Last night after attending the private view of BEYOND FAIRYTALES at the Hardy Tree Gallery, I took my girlfriend Julie and my friend David to see Yeats’ flat at Woburn Buildings. We were in luck. Beyond the Yeats balcony in the Yeats room itself, we saw a figure at work.
As I was telling the story of how Yeats came to live in the otherworldly Euston abode, the figure came onto the balcony and began listening. She then spoke to us from her vantage point, saying she knew very little about the Irish poet. I told her she was standing in the very room where Yeats lost his virginity, this the poet who claimed sex and death were the only things worth writing about. She invited us up.
This is one of those rare rewards for the indefatigable urban explorer, who almost always has to be satisfied with facades. It’s happened before at certain enchanted sites: Ezra Pound’s 10 Kensington Church Street address; the Order of the Golden Dawn’s Isis-Urania Temple at 36 Blythe Road; Tom Paine’s immaculately preserved 18th century house in Sandwich. Sometimes you get threats of police, as happened at Wyndham Lewis’ house at Palace Gardens Terrace, where the furious old proprietress looked like Lewis in drag.
Yeats’ Woburn Walk flat is another poetic holy of holies – like The Jerusalem Room in South Molton Street – which I have always wanted to enter, but didn’t know how. The time-machine side-street was about to take us for a ride.
The lady who came down to admit us introduced herself as the artist Anita Chowdry. She was in her artistic apron, and planning to work through the night. As she had a long shift ahead, she didn’t mind offering some spontaneous hospitality, in return for finding out a little more about her own spiritual host. Dessert wine was opened.
It was a real pleasure to be in the room that Yeats had lived in for almost a quarter of a century. The Irish ‘national poet’ spent a surprising amount of his life in London, always keeping in touch with the aesthetic vanguards and the occult societies he so fed off.
That his room is now occupied by an artist who is exploring what some call ‘sacred geometry’ but she calls ‘classical geometry’, the alchemy of colours and creation of gold paint, fractals, and the curves of the world, can only be good. When I suggested that Yeats would be delighted with the occupant of his London rooms, she assured me he is. Here is a link to her fascinating website. She works with a magical ‘steampunk’ instrument which she calls The Iron Genie. http://www.anitachowdry.com
Yeats had fallen in love with a married woman, Olivia Shakespear, a novelist and first cousin of his friend the poet Lionel Johnson. She encouraged him to rent the flat as a Victorian love-nest, and helped with the finances. Buying the bed in a Tottenham Court Road shop – with Olivia at his side – was nerve-wracking, not out of prudishness but because of the prices. Yeats recalled in his memoirs: “Every inch increased the expense.”
Yeats commenced his famous ‘Mondays’ almost as soon as he had moved in. Ernest Rhys and Arthur Symons were among the first guests, friends from the Rhymers Club. I was able to tell Anita, who is Anglo-Indian, that one of Yeats’ most illustrious visitors was the poet Rabindranath Tagore, whom he helped get translated into English and generally feted in the Anglophone world. Yeats is noted for his Indian connection. An early guru was Mohini Chatterjee who came to Dublin and preached asceticism. In middle age, Yeats and Tagore had a great symbiosis. Late in life, Yeats took up with Shri Purohit Swami with whom he translated The Upanishads. Anita is arguably the last Indian artist to collaborate with Yeats, a posthumous endeavour on his part, and she claims that magical things have happened in her career since moving into the studios.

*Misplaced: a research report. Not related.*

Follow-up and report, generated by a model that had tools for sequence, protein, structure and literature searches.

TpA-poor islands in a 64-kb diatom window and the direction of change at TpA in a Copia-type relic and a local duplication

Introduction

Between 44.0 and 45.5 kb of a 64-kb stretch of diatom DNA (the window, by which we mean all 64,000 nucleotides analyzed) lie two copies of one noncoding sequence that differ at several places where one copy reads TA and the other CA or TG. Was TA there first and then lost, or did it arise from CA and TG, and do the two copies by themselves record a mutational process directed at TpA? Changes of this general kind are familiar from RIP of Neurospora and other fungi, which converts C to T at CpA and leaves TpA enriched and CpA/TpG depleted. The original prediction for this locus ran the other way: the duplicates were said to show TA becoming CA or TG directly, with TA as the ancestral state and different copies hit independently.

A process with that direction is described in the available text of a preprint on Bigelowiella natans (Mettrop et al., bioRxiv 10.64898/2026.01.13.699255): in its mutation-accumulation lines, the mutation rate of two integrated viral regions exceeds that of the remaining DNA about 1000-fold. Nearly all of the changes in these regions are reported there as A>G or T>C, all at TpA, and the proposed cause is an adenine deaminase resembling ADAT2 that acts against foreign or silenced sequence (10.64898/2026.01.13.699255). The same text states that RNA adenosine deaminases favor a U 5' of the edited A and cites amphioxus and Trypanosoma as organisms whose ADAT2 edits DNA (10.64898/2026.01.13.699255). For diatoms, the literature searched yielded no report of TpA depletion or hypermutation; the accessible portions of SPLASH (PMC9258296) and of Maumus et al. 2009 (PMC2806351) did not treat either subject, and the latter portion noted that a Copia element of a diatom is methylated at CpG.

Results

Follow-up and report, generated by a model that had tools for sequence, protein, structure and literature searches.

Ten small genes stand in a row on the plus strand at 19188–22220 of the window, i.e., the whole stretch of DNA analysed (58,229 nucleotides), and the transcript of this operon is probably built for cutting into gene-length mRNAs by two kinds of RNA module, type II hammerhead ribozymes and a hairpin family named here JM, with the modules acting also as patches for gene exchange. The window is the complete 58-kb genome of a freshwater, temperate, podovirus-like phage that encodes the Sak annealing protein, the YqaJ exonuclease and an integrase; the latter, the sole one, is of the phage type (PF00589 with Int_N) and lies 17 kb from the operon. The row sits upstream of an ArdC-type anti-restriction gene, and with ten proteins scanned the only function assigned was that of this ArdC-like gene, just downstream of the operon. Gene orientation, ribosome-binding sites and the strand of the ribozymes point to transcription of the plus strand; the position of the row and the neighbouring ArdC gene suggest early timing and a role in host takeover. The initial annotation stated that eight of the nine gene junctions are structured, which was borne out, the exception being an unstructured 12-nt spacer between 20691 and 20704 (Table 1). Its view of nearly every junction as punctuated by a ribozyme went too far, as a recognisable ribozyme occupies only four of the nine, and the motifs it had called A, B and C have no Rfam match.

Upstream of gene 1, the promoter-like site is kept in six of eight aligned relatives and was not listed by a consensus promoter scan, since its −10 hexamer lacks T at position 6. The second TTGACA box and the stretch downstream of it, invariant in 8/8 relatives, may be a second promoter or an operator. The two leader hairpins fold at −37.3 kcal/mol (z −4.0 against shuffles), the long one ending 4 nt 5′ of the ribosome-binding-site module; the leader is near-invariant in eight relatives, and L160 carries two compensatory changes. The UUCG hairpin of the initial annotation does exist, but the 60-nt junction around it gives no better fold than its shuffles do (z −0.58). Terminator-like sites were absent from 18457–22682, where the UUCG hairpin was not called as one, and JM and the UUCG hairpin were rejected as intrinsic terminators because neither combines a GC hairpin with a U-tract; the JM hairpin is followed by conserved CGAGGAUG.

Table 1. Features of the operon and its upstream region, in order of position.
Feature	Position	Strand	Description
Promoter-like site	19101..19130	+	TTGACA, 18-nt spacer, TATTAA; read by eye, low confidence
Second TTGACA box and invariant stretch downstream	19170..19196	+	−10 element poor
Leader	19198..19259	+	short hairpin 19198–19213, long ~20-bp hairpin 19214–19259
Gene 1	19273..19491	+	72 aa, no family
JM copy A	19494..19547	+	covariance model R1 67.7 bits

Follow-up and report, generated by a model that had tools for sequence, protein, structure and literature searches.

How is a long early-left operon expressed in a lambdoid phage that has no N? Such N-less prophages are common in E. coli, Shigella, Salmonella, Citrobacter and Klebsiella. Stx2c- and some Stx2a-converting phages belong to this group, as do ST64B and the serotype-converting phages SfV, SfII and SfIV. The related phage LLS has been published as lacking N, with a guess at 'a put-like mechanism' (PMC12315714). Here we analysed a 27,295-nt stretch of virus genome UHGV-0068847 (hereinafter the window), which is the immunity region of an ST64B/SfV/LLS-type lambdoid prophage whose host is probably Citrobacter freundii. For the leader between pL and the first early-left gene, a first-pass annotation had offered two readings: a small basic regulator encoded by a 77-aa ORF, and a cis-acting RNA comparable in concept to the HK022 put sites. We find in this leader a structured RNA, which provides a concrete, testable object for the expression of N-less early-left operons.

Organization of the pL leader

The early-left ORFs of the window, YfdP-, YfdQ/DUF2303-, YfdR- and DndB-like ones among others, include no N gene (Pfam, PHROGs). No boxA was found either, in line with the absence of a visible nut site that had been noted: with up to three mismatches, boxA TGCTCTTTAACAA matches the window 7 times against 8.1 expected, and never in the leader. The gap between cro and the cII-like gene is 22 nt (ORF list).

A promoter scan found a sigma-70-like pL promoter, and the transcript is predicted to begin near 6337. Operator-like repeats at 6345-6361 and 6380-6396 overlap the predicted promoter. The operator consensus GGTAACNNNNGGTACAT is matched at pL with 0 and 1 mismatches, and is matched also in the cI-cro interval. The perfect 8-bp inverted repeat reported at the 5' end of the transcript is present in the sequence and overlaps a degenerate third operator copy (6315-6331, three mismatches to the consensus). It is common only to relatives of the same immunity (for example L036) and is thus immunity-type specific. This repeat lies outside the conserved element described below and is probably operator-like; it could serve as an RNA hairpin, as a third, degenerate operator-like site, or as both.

The fireplace is the same though Yeats wouldn’t have used Flash to clean it.
Here we are watching a video about the Iron Genie which Anita deploys to create her geometrical works.
The commercial geometry of ‘Woburn Buildings’ has changed much since Yeats’ time, but that room is the defining space of his time in London where he broke free from the family he was born into, for a quarter of a century, before belatedly starting a family of his own. It was his bachelor pad – the affair with Shakespear lasted only a year – and the place where he succeeded in becoming the colossus, WBY. He would have had more room at the back and later he also rented the attic, but this is the humble bolthole where he entertained many luminaries inc. Tagore, Pound, Eliot, Maud Gonne, and wrote much of his oeuvre. It is beyond priceless.
Yeats – often lazily branded a fascist, but actually an original thinker with a one-off, customized politics – shared the property with a pedlar in the attic above, and a cobbler below with whom he maintained very cordial relations over the years. Though he was as poor as they were, if not moreso, his dandified appearance led to his being called ‘the toff what lives in the buildings’.
Text: Niall McDevitt
Photos: Niall McDevitt, Julie Goldsmith, David Graeber